Figuring out that confidence interval turns out to be a hard problem that statisticians have worked on for a long time. We’re building deep learning neural networks that can allow us to identify and predict not only the $30,000, but the confidence intervals as well. Because 10 percent might be okay, but if I say, “Next Tuesday you’ll have $30,000 plus or minus 100 percent,” that’s not very good. You can’t take action on it. We want to be able to give people that level of information. Doing so takes not just deep learning, but also areas like quantile regression and new algorithms for bringing together nonlinear predictions. It’s a very complicated and very exciting area of machine learning and deep learning that we’re exploring.
[For a deep dive into how AI can help build resiliency in a global economic crisis, see this Intuit Blog.]
The AI Podcast: We’ve talked in the past about chatbots, natural language processing, and voice recognition. What have you been working on lately to make it easier for customers to interact with your products?
AS: One of the most important things that we need to do in that area is to build systems that can understand what people are saying in common conversation, because when we have those kinds of capabilities, we can serve our customers better. For instance, when a person is using TurboTax or QuickBooks, and they have a question, they often don’t know what to search for or where to look for that information. When they go into the application and start looking around, the AI systems in the background are taking that information and making predictions about what their real question might be.
When the person asks a question in our help box, we can look at the question plus all of the feedback they’ve been providing us implicitly, find a match in the background, and say, “We think these are the most important articles for you to look at,” or, “We think this is where you need to get help.”
The AI Podcast: How do you see the work that you’re doing progressing over the next five years? For example, what’s ahead for computer vision?
AS: Think about the sheer number of documents small businesses and consumers have to deal with to file their taxes—receipts, W-2 forms, 1099s, and so forth. Now imagine the ability to just snap a picture of that pile or upload it in some other way, have the machine parse all of that information, extract what’s needed, put it into a database, and then your taxes are almost done. That’s the world that we’re trying to drive to with deep learning and a lot of other technologies.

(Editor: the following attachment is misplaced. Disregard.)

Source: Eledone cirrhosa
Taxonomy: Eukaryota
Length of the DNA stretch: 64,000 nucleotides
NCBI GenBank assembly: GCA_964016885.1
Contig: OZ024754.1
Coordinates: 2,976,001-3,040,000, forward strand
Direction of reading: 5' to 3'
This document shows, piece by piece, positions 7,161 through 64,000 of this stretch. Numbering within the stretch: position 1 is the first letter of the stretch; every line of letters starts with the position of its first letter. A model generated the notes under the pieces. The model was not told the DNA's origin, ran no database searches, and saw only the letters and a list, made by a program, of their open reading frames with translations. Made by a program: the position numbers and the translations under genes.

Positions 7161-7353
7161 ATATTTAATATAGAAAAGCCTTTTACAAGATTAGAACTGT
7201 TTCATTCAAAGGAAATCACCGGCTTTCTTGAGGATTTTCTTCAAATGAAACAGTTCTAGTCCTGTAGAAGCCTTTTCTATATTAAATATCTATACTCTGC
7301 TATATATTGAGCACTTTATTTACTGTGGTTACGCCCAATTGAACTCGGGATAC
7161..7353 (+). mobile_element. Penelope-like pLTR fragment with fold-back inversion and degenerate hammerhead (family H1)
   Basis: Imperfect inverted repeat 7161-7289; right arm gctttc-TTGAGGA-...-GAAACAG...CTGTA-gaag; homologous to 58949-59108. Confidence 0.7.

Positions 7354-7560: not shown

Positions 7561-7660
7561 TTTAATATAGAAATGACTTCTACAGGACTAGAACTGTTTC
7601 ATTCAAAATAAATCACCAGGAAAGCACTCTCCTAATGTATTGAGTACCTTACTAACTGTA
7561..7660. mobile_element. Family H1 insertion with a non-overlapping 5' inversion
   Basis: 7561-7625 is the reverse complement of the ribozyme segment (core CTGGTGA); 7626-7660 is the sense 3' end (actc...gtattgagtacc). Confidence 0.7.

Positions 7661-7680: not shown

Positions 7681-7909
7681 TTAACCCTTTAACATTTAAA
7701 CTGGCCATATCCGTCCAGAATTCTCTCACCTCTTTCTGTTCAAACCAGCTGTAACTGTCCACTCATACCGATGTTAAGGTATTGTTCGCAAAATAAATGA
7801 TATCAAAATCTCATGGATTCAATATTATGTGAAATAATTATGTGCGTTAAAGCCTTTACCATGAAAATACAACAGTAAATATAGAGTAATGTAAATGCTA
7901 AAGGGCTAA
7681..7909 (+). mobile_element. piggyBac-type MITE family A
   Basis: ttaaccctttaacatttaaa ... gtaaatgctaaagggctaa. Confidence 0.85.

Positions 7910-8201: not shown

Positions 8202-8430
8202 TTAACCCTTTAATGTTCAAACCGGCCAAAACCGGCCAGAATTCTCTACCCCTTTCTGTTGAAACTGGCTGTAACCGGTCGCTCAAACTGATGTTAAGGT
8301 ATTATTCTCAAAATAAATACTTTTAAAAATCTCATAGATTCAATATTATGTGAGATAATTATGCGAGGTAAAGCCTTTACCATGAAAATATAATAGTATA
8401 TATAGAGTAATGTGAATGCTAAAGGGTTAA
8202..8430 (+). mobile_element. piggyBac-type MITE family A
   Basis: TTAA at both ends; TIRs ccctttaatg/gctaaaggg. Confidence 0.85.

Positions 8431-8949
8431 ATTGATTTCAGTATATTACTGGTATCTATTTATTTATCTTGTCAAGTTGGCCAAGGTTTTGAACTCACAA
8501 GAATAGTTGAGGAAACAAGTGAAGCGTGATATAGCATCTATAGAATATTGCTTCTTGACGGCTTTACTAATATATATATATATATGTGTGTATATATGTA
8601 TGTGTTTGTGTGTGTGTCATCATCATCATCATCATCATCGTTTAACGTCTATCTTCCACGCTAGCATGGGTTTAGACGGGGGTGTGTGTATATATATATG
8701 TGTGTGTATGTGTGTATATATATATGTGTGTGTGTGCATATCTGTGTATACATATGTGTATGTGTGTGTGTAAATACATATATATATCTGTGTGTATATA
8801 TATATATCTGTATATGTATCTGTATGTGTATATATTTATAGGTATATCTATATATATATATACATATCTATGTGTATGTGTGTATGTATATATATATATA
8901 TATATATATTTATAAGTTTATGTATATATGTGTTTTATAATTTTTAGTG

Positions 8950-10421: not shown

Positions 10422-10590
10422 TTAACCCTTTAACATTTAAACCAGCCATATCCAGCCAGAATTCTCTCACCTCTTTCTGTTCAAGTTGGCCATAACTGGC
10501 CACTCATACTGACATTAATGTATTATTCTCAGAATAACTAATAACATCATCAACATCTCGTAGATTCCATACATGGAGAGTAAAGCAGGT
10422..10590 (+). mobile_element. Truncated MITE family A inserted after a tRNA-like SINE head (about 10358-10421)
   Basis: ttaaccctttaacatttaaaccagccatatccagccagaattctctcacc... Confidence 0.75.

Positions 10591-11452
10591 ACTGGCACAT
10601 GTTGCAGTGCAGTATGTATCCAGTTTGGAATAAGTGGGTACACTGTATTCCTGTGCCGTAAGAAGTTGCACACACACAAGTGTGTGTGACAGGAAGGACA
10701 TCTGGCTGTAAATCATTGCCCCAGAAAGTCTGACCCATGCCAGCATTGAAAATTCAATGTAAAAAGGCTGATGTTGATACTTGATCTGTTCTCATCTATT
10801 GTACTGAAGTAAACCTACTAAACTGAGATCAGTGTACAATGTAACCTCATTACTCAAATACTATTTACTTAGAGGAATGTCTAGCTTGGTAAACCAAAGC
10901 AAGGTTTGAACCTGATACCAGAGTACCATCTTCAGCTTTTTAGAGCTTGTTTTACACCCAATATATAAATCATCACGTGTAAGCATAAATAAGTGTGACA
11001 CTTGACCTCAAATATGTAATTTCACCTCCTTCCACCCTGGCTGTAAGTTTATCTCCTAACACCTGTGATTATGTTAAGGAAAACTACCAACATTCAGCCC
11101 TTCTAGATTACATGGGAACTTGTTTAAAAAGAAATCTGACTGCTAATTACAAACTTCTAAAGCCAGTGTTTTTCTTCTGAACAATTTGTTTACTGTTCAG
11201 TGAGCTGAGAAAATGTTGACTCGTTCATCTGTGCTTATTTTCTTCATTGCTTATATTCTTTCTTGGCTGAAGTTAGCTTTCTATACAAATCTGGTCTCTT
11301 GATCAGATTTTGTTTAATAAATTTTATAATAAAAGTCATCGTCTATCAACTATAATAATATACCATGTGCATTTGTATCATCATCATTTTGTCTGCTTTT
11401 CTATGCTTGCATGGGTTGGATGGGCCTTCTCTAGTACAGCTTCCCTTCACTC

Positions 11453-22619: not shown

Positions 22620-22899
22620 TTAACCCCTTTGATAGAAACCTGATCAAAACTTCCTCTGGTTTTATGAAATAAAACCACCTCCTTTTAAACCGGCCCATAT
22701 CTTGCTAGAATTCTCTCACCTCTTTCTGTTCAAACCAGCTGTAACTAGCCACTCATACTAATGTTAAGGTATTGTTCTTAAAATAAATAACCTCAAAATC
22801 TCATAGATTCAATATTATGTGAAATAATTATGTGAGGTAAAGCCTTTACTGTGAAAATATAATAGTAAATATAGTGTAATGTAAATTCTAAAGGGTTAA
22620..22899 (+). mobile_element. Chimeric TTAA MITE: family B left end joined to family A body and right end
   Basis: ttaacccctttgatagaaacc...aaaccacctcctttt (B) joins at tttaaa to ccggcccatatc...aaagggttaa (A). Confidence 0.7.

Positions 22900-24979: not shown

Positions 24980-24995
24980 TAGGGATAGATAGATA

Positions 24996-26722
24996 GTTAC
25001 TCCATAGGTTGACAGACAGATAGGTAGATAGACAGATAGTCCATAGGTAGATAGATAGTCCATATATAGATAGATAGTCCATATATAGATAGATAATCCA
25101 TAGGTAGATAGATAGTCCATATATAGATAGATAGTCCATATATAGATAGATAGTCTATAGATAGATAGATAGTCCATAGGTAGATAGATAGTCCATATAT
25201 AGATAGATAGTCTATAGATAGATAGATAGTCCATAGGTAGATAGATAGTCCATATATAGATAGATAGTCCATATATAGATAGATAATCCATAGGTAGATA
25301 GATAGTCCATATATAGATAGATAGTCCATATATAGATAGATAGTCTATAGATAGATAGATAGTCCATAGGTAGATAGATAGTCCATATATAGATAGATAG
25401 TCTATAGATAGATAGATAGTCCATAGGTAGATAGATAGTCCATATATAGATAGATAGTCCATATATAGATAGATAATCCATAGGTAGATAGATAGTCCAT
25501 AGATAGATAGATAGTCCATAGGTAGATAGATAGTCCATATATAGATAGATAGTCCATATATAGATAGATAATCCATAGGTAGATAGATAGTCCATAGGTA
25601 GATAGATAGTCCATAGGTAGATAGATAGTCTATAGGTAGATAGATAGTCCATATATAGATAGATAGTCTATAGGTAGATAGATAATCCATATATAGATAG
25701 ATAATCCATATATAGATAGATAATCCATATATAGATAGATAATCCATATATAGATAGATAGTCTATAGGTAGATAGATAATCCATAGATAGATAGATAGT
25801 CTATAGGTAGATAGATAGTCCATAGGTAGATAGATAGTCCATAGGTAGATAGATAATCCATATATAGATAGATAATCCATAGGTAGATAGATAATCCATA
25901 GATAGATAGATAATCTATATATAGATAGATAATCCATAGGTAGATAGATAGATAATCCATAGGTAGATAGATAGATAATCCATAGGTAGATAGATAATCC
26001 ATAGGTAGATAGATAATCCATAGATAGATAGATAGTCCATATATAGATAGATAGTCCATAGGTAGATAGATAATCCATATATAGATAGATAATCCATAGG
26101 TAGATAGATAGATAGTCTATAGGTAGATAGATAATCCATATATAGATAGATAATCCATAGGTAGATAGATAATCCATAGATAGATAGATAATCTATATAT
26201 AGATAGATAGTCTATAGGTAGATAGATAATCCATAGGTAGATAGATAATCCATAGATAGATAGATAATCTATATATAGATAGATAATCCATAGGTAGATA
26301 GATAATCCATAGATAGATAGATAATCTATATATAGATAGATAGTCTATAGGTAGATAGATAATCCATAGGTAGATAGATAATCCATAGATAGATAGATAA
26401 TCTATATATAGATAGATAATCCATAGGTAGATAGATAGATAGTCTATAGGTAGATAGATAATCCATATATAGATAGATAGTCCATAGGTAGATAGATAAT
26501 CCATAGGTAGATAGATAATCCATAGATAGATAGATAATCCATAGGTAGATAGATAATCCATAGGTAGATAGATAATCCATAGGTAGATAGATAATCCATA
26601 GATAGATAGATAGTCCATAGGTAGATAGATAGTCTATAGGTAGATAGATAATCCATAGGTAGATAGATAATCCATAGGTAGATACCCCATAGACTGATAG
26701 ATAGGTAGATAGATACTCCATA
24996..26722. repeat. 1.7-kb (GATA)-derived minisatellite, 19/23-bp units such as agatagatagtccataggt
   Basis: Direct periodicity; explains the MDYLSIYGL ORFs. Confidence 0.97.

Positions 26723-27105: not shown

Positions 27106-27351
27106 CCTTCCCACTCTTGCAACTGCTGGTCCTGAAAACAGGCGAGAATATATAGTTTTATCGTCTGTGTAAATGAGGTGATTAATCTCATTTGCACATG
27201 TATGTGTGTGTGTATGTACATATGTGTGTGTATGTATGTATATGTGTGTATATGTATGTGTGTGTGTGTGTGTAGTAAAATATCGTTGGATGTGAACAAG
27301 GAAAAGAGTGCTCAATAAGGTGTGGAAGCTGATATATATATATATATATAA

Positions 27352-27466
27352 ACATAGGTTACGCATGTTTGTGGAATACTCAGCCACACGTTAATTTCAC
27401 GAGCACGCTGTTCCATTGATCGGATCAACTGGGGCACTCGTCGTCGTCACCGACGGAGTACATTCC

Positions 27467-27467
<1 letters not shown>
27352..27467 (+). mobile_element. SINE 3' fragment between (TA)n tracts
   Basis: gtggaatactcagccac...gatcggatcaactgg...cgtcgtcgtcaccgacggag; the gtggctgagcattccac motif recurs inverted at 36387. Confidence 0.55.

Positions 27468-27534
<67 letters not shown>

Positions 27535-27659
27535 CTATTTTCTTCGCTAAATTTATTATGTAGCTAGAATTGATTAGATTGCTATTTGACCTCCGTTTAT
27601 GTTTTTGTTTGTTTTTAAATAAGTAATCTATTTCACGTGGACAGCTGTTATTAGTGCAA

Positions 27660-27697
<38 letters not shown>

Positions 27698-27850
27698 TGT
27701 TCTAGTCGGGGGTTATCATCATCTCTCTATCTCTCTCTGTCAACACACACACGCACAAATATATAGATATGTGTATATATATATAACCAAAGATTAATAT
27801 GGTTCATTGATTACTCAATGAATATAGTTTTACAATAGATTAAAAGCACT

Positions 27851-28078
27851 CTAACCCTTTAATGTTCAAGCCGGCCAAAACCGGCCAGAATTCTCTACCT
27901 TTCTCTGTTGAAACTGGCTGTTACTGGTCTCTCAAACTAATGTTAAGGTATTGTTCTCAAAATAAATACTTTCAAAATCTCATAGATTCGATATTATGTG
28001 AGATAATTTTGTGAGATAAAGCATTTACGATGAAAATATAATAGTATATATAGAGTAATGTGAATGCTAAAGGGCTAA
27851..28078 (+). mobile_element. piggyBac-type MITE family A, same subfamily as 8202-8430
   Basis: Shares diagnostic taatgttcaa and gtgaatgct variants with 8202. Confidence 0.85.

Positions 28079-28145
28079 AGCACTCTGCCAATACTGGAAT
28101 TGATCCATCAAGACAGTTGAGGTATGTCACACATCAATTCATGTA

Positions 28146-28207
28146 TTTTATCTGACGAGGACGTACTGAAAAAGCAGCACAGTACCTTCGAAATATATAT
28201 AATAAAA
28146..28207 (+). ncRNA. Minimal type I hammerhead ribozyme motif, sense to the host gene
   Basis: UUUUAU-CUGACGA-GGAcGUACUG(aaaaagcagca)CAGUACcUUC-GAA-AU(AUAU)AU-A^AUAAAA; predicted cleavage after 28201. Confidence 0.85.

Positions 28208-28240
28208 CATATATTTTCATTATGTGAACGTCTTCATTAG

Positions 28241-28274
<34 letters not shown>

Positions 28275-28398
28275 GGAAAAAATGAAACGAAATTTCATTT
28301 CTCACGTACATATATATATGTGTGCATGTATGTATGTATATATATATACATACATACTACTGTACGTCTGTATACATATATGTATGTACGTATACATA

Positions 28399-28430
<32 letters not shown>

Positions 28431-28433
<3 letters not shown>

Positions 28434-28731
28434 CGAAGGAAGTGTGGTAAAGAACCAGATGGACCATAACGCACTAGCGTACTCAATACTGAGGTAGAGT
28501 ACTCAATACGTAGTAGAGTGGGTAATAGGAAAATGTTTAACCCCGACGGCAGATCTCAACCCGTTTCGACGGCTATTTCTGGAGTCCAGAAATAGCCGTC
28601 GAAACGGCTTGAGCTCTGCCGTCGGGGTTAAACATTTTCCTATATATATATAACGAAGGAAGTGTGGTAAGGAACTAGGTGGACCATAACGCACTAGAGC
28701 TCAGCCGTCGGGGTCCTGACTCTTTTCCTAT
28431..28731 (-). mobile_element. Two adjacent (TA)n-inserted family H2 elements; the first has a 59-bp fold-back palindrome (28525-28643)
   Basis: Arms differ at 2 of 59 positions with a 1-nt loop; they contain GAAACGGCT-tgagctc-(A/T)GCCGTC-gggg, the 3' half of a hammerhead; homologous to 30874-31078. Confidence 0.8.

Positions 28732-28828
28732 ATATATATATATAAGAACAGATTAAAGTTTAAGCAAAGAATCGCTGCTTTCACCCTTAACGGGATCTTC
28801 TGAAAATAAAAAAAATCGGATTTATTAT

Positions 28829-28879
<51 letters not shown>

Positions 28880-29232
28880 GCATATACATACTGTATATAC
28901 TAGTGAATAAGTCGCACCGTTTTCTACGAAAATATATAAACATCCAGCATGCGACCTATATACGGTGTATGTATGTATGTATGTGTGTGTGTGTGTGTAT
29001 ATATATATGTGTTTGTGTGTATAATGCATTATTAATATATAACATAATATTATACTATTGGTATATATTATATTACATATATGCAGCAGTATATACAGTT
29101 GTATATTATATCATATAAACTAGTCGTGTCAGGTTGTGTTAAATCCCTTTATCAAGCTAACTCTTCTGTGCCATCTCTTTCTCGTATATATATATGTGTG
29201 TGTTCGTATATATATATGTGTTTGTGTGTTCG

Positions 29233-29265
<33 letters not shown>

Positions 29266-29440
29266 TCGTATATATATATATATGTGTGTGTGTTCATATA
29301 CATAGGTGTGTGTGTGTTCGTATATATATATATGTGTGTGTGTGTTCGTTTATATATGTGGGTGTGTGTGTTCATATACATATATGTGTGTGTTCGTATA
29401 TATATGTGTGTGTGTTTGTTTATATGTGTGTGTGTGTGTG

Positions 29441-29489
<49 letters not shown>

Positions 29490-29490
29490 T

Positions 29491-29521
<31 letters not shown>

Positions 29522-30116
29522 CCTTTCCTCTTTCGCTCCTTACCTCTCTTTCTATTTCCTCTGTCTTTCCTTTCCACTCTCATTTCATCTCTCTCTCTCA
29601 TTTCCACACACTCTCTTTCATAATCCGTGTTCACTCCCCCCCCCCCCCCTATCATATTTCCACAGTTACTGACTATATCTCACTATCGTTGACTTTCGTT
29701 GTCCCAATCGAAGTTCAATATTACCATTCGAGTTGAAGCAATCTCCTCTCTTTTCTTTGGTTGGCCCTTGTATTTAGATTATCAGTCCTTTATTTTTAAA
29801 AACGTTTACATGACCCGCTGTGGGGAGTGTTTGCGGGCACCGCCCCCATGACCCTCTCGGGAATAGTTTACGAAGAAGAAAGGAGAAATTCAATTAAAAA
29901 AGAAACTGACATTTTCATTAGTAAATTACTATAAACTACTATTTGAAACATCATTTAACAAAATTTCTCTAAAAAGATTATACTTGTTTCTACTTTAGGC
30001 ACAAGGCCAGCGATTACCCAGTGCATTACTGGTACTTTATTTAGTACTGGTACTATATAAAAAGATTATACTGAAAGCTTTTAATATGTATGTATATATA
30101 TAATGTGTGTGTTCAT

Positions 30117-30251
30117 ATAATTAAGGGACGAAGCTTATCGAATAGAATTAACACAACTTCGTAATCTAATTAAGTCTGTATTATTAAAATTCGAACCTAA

Of course, this is easier said than done. There are all kinds of W-2s out there, some handwritten, some in different forms, not to mention the different ways a receipt can look. Making a general purpose computer vision system that can look at all of that and get the right information with extremely high reliability is a great challenge. We have to be very, very accurate—even a small error can have a costly impact. Building this system requires deep learning, machine learning, as well as knowledge engineering in the background. If you think about it, all of the data fields on a W-2 form have relationships to each other, so our knowledge engineering system can make determinations about whether or not we’re reading the form correctly.
The AI Podcast: Are there other roles that deep learning can play, particularly during tough times when small businesses are struggling to make rent, to meet payroll and to otherwise manage cashflow?
AS: If you think about that small business owner, the consumer, every day they’re making decisions that affect their livelihood. Those decisions need to be informed by data, and by recommendations based on the judicious use of that data. For the foreseeable future, these two things are going to come into play again and again. Data and machine learning will help people get the best information at the right time so that they can make the best decisions about their financial future.
To listen to the full podcast, go here.